Penn, 58, says that though Emily is wheelchair bound and though her life will never be the same, this is a fact of her life and there is still so much life to live. Penn says they took an afternoon to make the transition to the wheelchair together as a family and, through tears, found the chair to be a blessing all its own.
Penn said that Emily’s wheelchair offers her a way to be able to do things on her own, instead of relying on other devices or people to help her as much.
“The freedom that the chair gives her is much more beneficial than the loss of walking. The chair to us looks like a crutch, but the chair to her is independence,” Penn said. “Emily is the epitome of living life to the fullest.”
And she plans to continue living life that way in the years to come.
Emily met Tye Baudin via ChristianMingle, an online dating website for Christians, at Zera Coffee Company when she was attending the University of North Texas in 2014 as a double-major in English and public relations. They were married in December 2015.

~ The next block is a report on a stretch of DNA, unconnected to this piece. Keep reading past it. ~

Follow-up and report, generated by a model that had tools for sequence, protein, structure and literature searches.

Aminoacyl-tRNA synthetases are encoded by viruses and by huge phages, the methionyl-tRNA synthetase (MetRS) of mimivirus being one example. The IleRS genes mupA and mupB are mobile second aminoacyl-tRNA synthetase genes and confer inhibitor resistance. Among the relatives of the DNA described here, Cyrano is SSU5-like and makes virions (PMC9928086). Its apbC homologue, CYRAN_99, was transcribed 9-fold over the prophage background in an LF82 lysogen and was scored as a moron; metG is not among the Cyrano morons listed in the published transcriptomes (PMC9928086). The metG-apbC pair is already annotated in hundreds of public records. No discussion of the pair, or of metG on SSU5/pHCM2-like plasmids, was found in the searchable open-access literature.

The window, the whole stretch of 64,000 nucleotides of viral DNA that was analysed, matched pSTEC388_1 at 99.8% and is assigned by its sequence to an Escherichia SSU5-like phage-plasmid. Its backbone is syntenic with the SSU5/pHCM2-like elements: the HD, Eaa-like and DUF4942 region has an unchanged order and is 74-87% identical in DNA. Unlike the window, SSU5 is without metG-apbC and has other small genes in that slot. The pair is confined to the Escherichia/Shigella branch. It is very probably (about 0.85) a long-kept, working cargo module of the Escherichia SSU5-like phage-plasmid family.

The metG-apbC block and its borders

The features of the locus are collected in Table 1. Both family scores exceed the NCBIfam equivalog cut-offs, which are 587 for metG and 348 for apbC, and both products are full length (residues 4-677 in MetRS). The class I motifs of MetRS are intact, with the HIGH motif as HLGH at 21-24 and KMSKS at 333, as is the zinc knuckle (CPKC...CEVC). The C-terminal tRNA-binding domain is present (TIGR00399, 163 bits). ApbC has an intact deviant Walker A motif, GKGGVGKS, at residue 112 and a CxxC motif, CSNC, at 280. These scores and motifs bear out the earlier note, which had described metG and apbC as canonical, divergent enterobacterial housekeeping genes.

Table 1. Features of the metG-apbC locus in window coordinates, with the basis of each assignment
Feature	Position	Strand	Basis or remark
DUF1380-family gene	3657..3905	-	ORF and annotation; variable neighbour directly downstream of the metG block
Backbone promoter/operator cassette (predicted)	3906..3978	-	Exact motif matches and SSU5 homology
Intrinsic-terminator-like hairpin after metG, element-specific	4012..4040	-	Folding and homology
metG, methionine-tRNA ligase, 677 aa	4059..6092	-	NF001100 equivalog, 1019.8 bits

“She had all of the information about the condition on her profile and I took it upon myself to educate myself on what all of that was. It didn’t scare me or anything like that,” Tye said. Over time I feel like God has just graced me with the ability to recognize when she needs help and when she doesn’t. And I’m still learning, I don’t have it down-pat. It’s still a learning process.”
Well adjusted to their lives now, Emily is about seven months pregnant. She and Tye, a firefighter in DeSoto, are expecting their first boy named Logan.